Book Reviews -- By: Anonymous
WTJ 54:2 (Fall 1992) p. 367
David A. Dorsey: The Roads and Highways of Ancient Israel. (ASOR Library of Biblical and Near Eastern Archaeology.) Baltimore: Johns Hopkins University Press, 1991. 288. $39.95.
David Dorsey teaches Hebrew Bible at Evangelical School of Theology, Myerstown, Pennsylvania; this volume is a revision of the author’s Ph.D. dissertation (Dropsie, 1981) under the supervision of Anson F. Rainey.
There is an extraordinary amount of material in the Hebrew Bible that describes the travels of individuals, families, tribes, and armies. In spite of the abundance of such material, a synthesis of the literary and archaeological data to assess the various facets of travel in Iron Age Israel has not been available. In his initial chapter Dorsey describes the physical features of roads, road construction, maintenance, passes, fords, bridges, ferries, inns, modes of transportation, average traveling speeds, the effects of weather on transportation, and the practices for naming roads in ancient Israel. The chapter integrates a vast array of data in ways that will enhance understanding of daily life in the Iron Age for any scholar or casual reader of the Bible.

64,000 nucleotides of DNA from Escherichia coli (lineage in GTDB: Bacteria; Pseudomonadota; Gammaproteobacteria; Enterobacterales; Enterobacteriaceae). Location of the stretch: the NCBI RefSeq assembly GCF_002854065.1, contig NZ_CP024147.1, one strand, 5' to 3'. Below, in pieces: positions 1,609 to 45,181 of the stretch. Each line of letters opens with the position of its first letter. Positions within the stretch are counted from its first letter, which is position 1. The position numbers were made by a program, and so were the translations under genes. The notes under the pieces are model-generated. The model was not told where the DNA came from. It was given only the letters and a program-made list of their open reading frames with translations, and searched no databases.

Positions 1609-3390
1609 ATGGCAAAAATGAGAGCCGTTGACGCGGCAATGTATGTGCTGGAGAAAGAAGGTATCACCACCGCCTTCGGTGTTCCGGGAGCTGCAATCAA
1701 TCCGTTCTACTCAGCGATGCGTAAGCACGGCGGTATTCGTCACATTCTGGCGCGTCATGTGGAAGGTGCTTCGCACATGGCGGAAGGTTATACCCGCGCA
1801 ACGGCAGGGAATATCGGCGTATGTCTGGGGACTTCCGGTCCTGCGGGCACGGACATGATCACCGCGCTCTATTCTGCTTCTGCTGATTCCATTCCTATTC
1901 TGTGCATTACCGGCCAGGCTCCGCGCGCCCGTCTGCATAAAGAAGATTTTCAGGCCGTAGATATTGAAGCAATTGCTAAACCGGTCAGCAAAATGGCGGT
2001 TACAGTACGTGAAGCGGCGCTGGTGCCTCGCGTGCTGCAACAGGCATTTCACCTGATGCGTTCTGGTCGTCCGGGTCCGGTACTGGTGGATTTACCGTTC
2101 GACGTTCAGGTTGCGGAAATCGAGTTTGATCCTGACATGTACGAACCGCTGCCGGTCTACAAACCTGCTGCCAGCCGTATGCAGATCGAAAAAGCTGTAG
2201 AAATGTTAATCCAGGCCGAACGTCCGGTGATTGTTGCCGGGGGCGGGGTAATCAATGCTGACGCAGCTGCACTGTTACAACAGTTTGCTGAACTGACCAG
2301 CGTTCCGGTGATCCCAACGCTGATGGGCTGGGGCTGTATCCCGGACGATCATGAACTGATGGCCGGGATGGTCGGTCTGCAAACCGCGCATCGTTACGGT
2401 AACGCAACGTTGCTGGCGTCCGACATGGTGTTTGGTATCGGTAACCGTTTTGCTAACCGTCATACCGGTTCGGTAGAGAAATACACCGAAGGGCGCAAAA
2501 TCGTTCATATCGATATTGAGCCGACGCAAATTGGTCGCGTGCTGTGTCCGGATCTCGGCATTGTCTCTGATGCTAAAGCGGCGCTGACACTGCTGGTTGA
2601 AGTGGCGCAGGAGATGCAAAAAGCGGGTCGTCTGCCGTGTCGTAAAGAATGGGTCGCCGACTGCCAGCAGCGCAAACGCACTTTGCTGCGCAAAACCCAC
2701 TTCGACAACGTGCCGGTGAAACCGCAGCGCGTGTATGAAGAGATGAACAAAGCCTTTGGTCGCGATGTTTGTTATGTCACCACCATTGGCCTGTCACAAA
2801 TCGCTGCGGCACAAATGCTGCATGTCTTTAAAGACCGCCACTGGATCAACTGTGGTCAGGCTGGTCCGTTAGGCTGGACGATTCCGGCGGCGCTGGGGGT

Dorsey’s main objective, however, is to reconstruct the road network of Israel in the Iron Age. Dorsey describes his methodology in the second chapter. He seeks to integrate historical and literary evidence from the Bible and extrabiblical texts with information drawn from Iron Age settlement distributions, the constraints of the physical terrain, and known later routes in order to depict the network of roads linking the towns and cities of Israel and her neighbors. In light of the fact that there are no clearly identifiable physical remains of roads from the OT period, the task was a formidable one.
The third chapter is devoted to describing the international coastal highway and its alternate branches. Chaps. 4–10 describe roads in various more narrow locales. A helpful appendix (pp. 211-44) investigates the philological and literary data regarding the meaning of the various terms for roads in the Hebrew Bible. An extensive bibliography is followed by indexes to biblical passages and sites named.
Maps are obviously important for a volume like this. The front and back end papers contain maps of the road network in southern and northern Israel respectively. Fifteen additional maps in the text treat smaller areas of specific concern. While the maps are plentiful and helpful, they basically consist of sites connected by lines. It would have been a significant improvement for the volume if the maps had also included topographical detail, although it is not difficult for the reader to transfer the data to some other map.
Doubtless, specialists w...
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